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Irish Cuisine

  • 12-03-2022 12:49pm
    Registered Users Posts: 1,622 ✭✭✭ Patsy167

    I've decided to do a "Best of Irish" theme for all evening meals this coming week. What are some recommendations? Lamb shank is on the list so far.

    It seems Irish food tends to get a bad rap internationally. Do you think that's fair?


  • Registered Users Posts: 6,676 ✭✭✭ Dave_The_Sheep

    Historically, we haven't really had much going for us food wise (not to get into it but I think you can guess why), there's no real long-standing traditions or indigenous food culture there, though there are obviously a few exceptions. At least that's my uneducated take on it.

    You've got boxty, a variety irish stews with lamb/beef/ale/stout, coddle, champ and colcannon, cabbage and ham, various chowders and shellfish/smoked salmons and that's not even touching the baking side of things, which I'm not really up on. I think we've appropriated shepherd's pie a bit too, even if it's not really "ours".

  • Moderators, Business & Finance Moderators, Recreation & Hobbies Moderators Posts: 7,605 Mod ✭✭✭✭ Gloomtastic!

    You could include locally produced food as part of your Irish theme. That would make a French dish Irish, right? 😋

  • Registered Users Posts: 9,667 ✭✭✭ igCorcaigh

    Quite a few of my friends from overseas have been far more appreciative of and interested in trying Irish food (the infamous stew, cabbage and bacon, spiced beef, the many breads, the Ulster fry, I've even been asked about Cork tripe from an African friend) than I ever have. Yes, our food has been rather simple, for so many already discussed reasons, but let's not let our inherent inferiority complex cloud our thinking either.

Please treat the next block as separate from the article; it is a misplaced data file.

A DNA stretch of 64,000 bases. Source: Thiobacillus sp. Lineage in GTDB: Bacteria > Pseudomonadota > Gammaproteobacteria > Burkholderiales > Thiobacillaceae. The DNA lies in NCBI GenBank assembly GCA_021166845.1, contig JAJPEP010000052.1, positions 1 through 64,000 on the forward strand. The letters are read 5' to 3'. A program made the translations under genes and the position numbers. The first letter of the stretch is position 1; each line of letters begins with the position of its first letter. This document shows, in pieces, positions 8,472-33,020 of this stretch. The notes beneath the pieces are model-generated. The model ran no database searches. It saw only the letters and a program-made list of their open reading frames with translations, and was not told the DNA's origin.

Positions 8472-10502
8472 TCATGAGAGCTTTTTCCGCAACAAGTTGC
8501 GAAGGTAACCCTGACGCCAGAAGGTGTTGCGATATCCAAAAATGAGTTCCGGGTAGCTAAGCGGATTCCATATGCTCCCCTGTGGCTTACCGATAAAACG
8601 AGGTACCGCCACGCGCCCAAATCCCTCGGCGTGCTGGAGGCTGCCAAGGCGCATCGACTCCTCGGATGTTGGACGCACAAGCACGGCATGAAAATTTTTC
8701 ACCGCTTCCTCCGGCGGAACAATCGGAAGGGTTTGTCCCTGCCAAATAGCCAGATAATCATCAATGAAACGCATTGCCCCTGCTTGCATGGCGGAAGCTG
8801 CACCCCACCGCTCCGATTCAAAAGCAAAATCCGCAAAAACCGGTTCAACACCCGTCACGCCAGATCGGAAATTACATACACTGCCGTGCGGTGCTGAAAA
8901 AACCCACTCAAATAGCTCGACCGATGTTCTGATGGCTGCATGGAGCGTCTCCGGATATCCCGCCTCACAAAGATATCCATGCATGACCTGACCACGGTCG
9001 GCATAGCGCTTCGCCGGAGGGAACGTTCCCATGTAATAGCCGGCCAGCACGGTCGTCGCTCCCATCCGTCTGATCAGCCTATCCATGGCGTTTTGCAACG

Personally, many of our dishes wouldn't be to my taste, but neither would much of French or British food be either.

    Oh, and does Guinness count?

  • Registered Users Posts: 22,412 ✭✭✭✭ Strumms

    A nice boxty or coddle, had a coddle yesterday, unbeatable, tonnage of ingredients , taste and perfect… I love a beef boxty, a restaurant near me makes the perfect one.

  • Moderators, Sports Moderators Posts: 2,621 Mod ✭✭✭✭ Black Sheep

    The reputation of modern Irish cooking is not as poor as it once was. Actually I'm not sure we are really considered in an overly negative light anymore at all.

    There were five new two star Michelin restaurants in the UK and Ireland this year. Two of the five were in Ireland rather than the UK, that's quite an achievement.

    In terms of what the "best of Irish" is, I think you have to consider the quality of the ingredients deriving from our dairy and herd. That's what we do better than anyone else except perhaps our near neighbours in the UK. Our seafood is strong also.

    In terms of cuisine, traditionally we do peasant fare that I don't think is any stronger than elsewhere in Europe, and is probably weaker historically in that we didn't have as much options for acidity back in the day, the band of available ingredients was narrower in general. But in saying that, modern Irish cuisine might refer to that old peasant fare at times, be it the Irish stew and so on, but to be honest in modern Irish cooking we are using the same proven French classical cooking techniques as everyone else, and relying heavily on showcasing the quality of our ingredients.

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  • Registered Users Posts: 9,902 ✭✭✭ Marcusm

    Aimsir and Chapter One extensively use Irish ingredients but I don’t think either would suggest that theirs is “Irish cuisine”.

  • Registered Users Posts: 6,676 ✭✭✭ Dave_The_Sheep

    On a tangentally related note, I saw this thread on /r/AskHistorians there a few days ago (though it's a month or so old). There's a good long-form comment linked on historical Irish food usage going back centuries.